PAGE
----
The following is adapted from a statement of the Baha'i International Community to the Third United Nations Conference on Housing and Sustainable Urban Development (Habitat III), held 17-20 October 2016 in Quito, Ecuador.
Urbanization in its current incarnation is not a process that can continue indefinitely. Large-scale migration to urban centers has, in many cases, led to social fragmentation, the depletion of limited ecological resources, and profound feelings of isolation and despair. The path forward is not to be found in simply aggregating larger and larger numbers into smaller spaces. Rather, it calls for a holistic approach to human settlements that enables individuals and communities to thrive in urban and rural settings alike, providing for the needs of both and drawing on the strengths of both.
Progress in this direction will require conceptions of life in rural and urban settings to be thoroughly reimagined, drawing on the accumulated knowledge of the past, the scientific advances of the present, and a compelling vision of the future. Insights from the field of psychology, for example, clearly demonstrate that people thrive in communities that are characterized by trust and interconnection. Human happiness--which impacts productivity, physical health, and mental acuity--is at its peak when personal relationships are strong. The close friendships and sense of mutual reliance among neighbors that have traditionally been associated with rural communities is an element of life that should be strengthened, not forgotten.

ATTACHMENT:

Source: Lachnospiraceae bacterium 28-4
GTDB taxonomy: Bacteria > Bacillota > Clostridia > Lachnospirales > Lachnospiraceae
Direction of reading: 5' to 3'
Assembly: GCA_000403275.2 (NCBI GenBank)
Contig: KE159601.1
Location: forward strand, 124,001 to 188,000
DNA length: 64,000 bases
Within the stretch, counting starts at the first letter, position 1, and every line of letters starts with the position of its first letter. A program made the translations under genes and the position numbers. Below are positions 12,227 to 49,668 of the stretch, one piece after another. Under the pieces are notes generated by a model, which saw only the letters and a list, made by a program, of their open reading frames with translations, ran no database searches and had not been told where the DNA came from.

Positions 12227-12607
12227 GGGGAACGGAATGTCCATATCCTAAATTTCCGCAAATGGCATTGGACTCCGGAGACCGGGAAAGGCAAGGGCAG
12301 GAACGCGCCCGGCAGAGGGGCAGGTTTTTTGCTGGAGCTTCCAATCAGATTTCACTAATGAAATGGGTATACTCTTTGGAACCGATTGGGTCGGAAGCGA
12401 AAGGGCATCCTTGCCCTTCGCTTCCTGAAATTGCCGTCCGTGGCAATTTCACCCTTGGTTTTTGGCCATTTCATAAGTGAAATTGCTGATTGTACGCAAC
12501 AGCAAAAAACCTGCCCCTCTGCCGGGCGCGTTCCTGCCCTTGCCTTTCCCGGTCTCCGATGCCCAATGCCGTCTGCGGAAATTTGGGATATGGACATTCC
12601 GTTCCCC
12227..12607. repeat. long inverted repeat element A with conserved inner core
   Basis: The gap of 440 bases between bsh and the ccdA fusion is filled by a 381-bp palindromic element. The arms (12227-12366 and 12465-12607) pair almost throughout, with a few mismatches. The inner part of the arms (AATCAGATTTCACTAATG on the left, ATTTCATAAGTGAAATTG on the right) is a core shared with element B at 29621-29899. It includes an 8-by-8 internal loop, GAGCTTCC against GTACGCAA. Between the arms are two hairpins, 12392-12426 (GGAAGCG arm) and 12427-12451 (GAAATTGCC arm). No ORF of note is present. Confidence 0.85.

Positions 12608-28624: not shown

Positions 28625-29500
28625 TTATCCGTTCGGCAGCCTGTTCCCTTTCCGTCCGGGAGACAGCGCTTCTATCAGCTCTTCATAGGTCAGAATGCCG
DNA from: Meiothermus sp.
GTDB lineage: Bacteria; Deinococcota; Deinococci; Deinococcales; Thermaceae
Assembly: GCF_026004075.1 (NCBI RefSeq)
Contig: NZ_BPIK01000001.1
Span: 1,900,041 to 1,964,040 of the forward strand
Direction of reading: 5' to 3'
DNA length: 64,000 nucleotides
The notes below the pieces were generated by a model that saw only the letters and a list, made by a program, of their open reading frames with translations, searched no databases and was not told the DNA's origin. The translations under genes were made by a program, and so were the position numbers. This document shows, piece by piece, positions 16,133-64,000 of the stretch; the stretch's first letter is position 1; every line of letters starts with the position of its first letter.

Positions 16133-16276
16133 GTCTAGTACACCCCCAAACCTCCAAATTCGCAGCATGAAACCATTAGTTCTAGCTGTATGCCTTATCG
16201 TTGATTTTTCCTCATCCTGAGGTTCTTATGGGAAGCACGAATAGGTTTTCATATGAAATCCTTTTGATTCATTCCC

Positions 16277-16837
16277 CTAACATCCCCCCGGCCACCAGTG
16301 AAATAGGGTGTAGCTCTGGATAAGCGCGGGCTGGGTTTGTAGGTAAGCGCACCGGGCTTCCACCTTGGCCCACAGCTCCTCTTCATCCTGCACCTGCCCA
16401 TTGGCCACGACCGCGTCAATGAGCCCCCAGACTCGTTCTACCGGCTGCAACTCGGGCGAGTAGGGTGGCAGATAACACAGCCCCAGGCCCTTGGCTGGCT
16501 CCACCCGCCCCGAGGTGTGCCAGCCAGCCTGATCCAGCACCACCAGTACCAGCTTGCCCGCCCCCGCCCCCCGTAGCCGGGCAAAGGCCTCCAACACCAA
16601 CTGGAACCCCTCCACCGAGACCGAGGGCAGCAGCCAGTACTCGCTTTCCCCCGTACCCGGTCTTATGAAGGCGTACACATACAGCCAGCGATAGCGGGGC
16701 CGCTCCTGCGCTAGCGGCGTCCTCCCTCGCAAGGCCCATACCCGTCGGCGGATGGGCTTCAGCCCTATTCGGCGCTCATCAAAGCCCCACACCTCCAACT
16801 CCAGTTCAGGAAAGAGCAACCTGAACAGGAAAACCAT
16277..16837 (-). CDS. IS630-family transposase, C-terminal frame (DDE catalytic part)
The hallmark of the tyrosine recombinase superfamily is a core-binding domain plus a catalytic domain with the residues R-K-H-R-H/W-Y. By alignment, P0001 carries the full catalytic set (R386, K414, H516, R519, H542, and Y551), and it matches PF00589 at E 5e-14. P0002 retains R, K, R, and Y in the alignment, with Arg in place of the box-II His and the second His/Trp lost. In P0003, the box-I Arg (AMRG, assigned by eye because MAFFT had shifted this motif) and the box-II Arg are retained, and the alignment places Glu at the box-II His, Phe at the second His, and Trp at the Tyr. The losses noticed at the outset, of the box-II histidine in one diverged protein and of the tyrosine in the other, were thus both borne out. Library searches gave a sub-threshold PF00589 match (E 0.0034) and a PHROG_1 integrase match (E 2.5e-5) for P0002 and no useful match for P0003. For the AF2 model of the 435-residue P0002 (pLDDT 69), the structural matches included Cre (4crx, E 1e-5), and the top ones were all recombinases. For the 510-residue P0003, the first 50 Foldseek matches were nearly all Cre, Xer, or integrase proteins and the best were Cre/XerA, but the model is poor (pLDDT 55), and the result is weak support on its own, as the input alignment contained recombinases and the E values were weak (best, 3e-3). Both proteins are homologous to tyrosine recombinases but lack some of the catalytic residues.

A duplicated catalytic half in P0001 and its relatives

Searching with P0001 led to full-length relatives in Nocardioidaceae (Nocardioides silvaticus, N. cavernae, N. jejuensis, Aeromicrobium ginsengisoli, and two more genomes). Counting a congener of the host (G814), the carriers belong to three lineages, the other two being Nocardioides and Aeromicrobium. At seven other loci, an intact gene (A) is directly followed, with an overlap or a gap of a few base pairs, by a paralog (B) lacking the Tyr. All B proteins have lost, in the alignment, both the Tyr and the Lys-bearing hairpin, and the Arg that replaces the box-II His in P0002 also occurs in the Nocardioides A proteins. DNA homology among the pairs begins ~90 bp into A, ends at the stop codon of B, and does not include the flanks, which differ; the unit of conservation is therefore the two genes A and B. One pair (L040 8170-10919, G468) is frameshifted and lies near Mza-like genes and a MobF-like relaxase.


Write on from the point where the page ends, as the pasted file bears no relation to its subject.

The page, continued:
Building healthy and prospering settlements is a formidable task that will require learning and effort for generations to come. Cities and villages will need to provide economic opportunities and means for young people to support themselves and build livelihoods according to their skills and talents. Communities of all kinds will also need to nurture many additional aspects of human well-being, such as social inclusion and cohesion, intergenerational solidarity, equitable distribution of resources, and meaningful connections to the land and the natural world.
How are such qualities to be fostered within a population? In the experience of the worldwide Baha'i community, a number of elements seem critical to the creation of flourishing settlements, whether in urban areas or rural ones.
Reviving the concept of community
Prominent among these is an explicit concern with reviving the concept of community. The idea is...